National Coming Out day

October 11 is National Coming Out Day. You can be lesbian, gay, bisexual, pansexual, non-binary, transgender, asexual, queer, or anything in between. It is time to be proud of who you are and your support for queer equality and National Coming Out Day. Over 70% of autistics identify as queer.


This day was inspired by a single march. 500,000 people participated in the March on Washington for Lesbian and Gay Rights on October 11, 1987. It gained momentum to last 4 months after the march ended. During this time, over one hundred LGBTQIA+ identifying people gathered outside Washington, DC, and decided on creating a national day to celebrate coming out.

The first National Coming Out day was on October 11, 1988. Rob Eichberg and Jean O’Leary first proposed the idea of the National Coming Out Day. Eichberg founded a personal growth workshop, The Experience, and O’Leary was the leader of the National Gay Rights Advocates.

Eichberg said the strongest tool in the human rights movement was to illustrate that most people already know and respect someone in the LGBTQIA+ community and the National Coming Out Day helps these people come to light.

He said in an interview, “Most people think they don’t know anyone gay or lesbian, and in fact everybody does. It’s imperative that we come out and let people know who we are and disabuse them of their fears and stereotypes.”

Over the last 15 years, the Human Rights Campaign has chosen a theme for each National Coming Out Day. 2014 and 2013 were themed “Coming Out Still Matters,” and the first theme (1999) was “Come Out to Congress.”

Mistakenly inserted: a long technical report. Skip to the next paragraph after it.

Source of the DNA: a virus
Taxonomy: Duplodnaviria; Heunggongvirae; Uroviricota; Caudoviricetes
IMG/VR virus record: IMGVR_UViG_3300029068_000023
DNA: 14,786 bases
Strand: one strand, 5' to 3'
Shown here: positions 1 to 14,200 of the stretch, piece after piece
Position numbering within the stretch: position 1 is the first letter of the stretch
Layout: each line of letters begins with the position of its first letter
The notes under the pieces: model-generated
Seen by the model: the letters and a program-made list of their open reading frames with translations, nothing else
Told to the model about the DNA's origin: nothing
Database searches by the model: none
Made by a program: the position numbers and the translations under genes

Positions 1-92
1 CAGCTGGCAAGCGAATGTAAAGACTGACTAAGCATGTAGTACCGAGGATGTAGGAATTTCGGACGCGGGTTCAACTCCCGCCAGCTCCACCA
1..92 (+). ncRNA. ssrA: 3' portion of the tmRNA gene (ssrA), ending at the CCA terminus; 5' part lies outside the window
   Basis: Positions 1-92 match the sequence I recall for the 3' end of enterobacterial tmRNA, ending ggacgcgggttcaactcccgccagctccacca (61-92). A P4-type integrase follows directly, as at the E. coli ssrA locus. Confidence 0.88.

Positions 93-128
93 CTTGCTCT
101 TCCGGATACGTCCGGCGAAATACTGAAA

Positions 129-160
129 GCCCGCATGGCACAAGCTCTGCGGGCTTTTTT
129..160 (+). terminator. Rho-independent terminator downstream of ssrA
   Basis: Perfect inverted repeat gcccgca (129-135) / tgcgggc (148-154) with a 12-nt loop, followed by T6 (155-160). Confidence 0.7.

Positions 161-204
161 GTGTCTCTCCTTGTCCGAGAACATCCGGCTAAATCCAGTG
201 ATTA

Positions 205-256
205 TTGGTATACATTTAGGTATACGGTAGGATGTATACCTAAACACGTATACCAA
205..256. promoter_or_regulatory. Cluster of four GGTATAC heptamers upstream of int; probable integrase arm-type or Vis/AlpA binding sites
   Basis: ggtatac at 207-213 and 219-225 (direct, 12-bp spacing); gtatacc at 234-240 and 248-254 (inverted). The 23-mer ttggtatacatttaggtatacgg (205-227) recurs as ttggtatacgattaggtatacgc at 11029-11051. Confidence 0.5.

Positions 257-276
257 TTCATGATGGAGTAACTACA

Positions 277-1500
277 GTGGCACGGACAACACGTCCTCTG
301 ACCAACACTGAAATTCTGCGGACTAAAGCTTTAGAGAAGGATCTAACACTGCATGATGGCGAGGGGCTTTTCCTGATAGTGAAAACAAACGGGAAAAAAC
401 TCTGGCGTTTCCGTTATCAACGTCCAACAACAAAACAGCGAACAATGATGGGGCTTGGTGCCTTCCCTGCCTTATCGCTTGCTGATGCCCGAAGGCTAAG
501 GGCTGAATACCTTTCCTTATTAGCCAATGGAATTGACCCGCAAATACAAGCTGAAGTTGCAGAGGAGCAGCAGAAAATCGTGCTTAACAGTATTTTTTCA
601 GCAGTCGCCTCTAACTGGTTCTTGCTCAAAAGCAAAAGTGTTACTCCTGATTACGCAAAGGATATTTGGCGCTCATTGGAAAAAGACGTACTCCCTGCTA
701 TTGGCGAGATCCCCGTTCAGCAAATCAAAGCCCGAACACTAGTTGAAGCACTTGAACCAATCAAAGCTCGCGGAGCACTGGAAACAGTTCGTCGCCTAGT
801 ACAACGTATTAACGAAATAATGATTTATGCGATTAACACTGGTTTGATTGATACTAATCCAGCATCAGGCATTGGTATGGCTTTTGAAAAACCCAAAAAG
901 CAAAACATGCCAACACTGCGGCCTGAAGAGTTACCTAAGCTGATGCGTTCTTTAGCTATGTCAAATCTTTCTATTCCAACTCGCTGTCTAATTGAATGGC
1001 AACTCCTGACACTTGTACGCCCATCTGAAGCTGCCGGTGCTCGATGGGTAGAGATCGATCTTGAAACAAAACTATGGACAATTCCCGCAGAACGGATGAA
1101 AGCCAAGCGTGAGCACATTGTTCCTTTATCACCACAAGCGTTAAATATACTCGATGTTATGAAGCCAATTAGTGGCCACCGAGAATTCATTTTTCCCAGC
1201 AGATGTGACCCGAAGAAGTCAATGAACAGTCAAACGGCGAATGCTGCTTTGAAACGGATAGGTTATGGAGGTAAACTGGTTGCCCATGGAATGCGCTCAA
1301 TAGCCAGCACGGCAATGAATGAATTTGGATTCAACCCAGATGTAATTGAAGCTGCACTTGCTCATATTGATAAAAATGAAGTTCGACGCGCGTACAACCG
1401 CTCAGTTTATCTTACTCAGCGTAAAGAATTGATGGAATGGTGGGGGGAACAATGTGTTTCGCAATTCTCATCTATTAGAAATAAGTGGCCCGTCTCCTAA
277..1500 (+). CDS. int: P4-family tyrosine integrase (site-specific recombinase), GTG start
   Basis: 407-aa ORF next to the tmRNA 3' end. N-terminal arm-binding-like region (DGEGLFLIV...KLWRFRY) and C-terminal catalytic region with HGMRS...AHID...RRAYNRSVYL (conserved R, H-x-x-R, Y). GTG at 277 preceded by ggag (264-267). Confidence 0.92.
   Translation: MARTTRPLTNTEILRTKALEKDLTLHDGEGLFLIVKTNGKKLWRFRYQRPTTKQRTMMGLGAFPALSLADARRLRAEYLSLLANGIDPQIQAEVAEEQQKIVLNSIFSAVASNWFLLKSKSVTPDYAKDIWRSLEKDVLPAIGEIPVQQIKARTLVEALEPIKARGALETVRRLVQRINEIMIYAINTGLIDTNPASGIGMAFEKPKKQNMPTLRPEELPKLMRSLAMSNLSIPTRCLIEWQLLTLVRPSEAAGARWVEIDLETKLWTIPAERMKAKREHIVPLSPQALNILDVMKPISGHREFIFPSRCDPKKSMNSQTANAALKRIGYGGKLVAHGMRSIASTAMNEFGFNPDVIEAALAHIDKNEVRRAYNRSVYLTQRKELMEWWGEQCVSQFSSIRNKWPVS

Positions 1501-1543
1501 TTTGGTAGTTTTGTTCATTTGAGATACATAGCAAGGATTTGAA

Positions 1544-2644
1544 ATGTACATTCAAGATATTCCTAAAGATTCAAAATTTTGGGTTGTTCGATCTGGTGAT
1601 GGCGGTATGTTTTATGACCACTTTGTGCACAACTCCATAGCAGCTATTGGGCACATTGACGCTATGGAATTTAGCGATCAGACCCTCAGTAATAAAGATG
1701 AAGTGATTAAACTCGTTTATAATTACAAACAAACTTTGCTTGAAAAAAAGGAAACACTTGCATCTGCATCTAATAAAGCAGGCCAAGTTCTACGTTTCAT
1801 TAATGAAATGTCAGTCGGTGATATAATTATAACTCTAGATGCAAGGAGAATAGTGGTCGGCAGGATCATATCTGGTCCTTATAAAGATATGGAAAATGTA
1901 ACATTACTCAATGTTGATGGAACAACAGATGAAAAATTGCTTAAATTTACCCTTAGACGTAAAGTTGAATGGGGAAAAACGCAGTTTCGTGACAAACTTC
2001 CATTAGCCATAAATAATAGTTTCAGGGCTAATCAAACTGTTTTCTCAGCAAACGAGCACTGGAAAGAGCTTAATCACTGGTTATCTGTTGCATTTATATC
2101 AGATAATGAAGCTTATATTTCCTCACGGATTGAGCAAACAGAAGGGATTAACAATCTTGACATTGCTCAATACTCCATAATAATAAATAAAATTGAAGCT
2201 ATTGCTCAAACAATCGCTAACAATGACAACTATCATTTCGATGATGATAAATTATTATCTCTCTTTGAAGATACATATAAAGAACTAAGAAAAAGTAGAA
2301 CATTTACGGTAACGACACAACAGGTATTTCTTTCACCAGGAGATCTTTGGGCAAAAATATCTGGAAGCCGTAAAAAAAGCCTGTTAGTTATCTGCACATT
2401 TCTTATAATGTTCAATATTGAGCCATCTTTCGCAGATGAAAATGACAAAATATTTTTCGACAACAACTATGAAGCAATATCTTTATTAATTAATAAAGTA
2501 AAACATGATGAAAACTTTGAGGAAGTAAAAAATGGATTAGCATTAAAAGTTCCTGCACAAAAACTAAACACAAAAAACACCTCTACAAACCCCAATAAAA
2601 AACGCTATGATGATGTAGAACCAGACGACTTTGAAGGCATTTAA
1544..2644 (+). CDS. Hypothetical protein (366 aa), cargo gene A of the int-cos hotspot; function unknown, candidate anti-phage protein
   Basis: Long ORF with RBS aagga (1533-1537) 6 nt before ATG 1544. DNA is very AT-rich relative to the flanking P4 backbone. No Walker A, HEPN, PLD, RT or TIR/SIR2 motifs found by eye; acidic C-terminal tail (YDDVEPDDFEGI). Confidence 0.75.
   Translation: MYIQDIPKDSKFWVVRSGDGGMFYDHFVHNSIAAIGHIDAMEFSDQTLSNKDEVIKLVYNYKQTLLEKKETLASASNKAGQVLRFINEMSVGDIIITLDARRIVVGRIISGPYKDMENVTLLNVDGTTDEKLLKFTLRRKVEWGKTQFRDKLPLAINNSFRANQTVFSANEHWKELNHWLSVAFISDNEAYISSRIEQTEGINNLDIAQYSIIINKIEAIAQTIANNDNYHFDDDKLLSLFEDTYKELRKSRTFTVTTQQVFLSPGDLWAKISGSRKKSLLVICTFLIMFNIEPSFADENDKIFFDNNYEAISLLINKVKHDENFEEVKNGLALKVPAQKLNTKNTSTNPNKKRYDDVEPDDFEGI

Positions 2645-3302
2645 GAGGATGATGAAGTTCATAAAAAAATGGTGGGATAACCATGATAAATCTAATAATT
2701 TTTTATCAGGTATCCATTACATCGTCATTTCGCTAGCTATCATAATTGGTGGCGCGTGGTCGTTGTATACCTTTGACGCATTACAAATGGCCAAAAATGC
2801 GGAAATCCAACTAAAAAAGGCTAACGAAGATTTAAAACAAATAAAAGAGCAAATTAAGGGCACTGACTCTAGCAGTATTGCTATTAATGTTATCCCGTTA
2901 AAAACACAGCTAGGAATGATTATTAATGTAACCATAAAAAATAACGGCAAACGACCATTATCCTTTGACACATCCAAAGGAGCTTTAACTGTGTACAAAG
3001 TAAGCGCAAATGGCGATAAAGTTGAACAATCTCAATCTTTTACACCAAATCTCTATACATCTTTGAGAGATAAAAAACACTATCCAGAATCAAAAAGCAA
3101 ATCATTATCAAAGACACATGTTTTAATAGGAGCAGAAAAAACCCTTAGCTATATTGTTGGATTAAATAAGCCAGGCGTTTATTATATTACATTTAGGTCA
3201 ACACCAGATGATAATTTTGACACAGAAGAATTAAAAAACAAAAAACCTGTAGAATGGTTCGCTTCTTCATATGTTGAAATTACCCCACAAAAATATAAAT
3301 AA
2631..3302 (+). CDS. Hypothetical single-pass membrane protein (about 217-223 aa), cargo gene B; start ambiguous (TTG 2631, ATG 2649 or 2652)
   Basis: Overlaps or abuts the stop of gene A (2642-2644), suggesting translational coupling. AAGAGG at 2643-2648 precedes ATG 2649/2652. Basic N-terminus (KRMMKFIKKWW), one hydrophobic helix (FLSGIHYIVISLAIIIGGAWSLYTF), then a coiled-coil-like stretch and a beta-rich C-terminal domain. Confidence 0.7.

There have been numerous spokespeople for each National Coming Out Day. They include Fraiser actor Dan Butler and Candace Gingrich, half-sister to Newt Gingrich in the 1990s.

National Coming Out day gains popularity and participants each year. Since its inception, countless public figures and celebrities have openly come out as queer. Every year, people share messages of support and hope with those who are still in the closet. This event plans to continue its effort to end hate and queerphobia with friends and family coming out to smash stereotypes.

My Coming Out Story

I was suppressed with who I was as a person due to my experience with ABA as a child. I was afraid of who I was and that I was not good enough.

When I was a young child, I saw a lesbian wedding on News 12 NY because my father always had to watch the news while we ate dinner. I said, “Two girls can get married?! That’s so cool!” I always knew I was different than “other girls.”

As I said this, my parents freaked out.

In 7th grade, someone spread a rumor in my school that I was a lesbian. I did not even know what that word meant. After I found out, remembering how my parents reacted to seeing the wedding on TV, I was in denial for a long time. I was never a lesbian but attracted to more than one gender. I just tried my hardest to be liked by the other kids in my school but after a while, I just kept to myself.

After going away to college, I moved to the Adirondacks. I got married to my husband. My mother came up for a visit. My husband needed the car for something, so my mother drove me to work.

On the way there, I asked her, “What would you do if I was bi?” She told me she wouldn’t want to know. I said nothing for the entire way to work. I never brought it up with her again.